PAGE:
At This Point in the NCAA Season, "Experience" Doesn't Matter Much
The SID of a major university asked me recently how they ranked among all schools in terms of "experience". Their team plays several freshmen and sophomores and he felt they had one of the younger teams in the country.
That led me to create the StatSheet Experience Tracker. The initial version doesn't do much in the way of complex analysis, it just shows how teams rank among "average class year per minute". Essentially, I take each player and multiply their minutes played with their class year (Freshmen = 1, Sophomores = 2, Juniors = 3, Seniors = 4). Averaging this out over a team creates a single number that is the average class year per minute played. A number close to 4 indicates that juniors and seniors play a lot whereas a number close to 1 indicates freshmen and sophomores play a lot. I also show some comparisons with average class year per minute and winning percentage.
The result? Across the NCAA, it doesn't look like "experience" matters a whole lot when you look at a really high level (look at the scatter plot at the bottom of the Experience Tracker page). Also, look at the chart below, which shows winning percentage compared to average class year per minute. The experienced teams have about the same winning percentage as the less experienced teams.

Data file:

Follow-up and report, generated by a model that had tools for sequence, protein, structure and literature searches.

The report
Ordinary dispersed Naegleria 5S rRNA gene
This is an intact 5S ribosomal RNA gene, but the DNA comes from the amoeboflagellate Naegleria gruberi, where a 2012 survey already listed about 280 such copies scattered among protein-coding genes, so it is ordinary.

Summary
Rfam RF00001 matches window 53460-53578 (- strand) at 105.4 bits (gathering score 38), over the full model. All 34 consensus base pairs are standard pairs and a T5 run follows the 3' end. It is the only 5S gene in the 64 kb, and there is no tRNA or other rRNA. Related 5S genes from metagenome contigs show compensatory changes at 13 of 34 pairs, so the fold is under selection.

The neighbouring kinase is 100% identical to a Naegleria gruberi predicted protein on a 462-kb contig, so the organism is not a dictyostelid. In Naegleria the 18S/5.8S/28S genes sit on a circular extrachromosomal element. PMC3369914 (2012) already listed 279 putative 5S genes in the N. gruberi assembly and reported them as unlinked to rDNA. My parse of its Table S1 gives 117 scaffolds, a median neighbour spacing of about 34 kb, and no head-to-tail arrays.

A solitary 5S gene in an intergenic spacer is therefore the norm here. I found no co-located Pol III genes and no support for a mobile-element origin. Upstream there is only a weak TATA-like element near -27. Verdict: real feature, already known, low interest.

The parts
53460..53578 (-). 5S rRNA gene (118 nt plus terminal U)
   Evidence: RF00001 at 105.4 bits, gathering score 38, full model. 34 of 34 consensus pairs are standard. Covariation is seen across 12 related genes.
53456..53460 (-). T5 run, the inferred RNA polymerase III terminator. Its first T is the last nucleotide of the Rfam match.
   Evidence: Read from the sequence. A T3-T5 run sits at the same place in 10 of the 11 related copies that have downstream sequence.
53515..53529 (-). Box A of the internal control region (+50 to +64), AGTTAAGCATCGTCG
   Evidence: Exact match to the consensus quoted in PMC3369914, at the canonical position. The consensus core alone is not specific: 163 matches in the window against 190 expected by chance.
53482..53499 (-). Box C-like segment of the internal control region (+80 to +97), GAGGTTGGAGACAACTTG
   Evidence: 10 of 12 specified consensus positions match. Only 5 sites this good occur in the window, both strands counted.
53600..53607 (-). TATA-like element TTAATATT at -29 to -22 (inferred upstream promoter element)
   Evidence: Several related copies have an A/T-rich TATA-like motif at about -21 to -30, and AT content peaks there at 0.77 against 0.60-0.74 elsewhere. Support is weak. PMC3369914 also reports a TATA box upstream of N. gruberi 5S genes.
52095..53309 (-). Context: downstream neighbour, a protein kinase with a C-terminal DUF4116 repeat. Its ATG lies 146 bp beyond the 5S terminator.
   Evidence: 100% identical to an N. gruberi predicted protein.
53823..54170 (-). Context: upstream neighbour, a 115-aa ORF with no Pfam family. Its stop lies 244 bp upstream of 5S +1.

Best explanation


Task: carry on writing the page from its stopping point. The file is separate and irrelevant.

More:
If you dig down into some of the conferences, experience seems to matter more for some than others. For example, there doesn't seem to be much correlation at all in the ACC, but there seems to be a very close correlation in the West Coast. This may speak to the fact that teams in the smaller conferences tend to have similar talent levels so as the kids get older, the teams get better. Whereas in the ACC, a couple of big time recruits coming in can change the whole complexion of a team. But this is really just an educated guess since there doesn't seem to be a very well defined pattern across conferences.
To properly measure "experience", I'd be better off actually measuring a player's career playing time. A sophomore that started every game as a freshman and played a bunch of minutes is likely to be more "experienced" than a senior that played sparingly his whole career until starting as a senior. In the second version of the Experience Tracker, I'll account for that as well as providing drill downs for specific teams so you can see how teams trend over the years in terms of experience.
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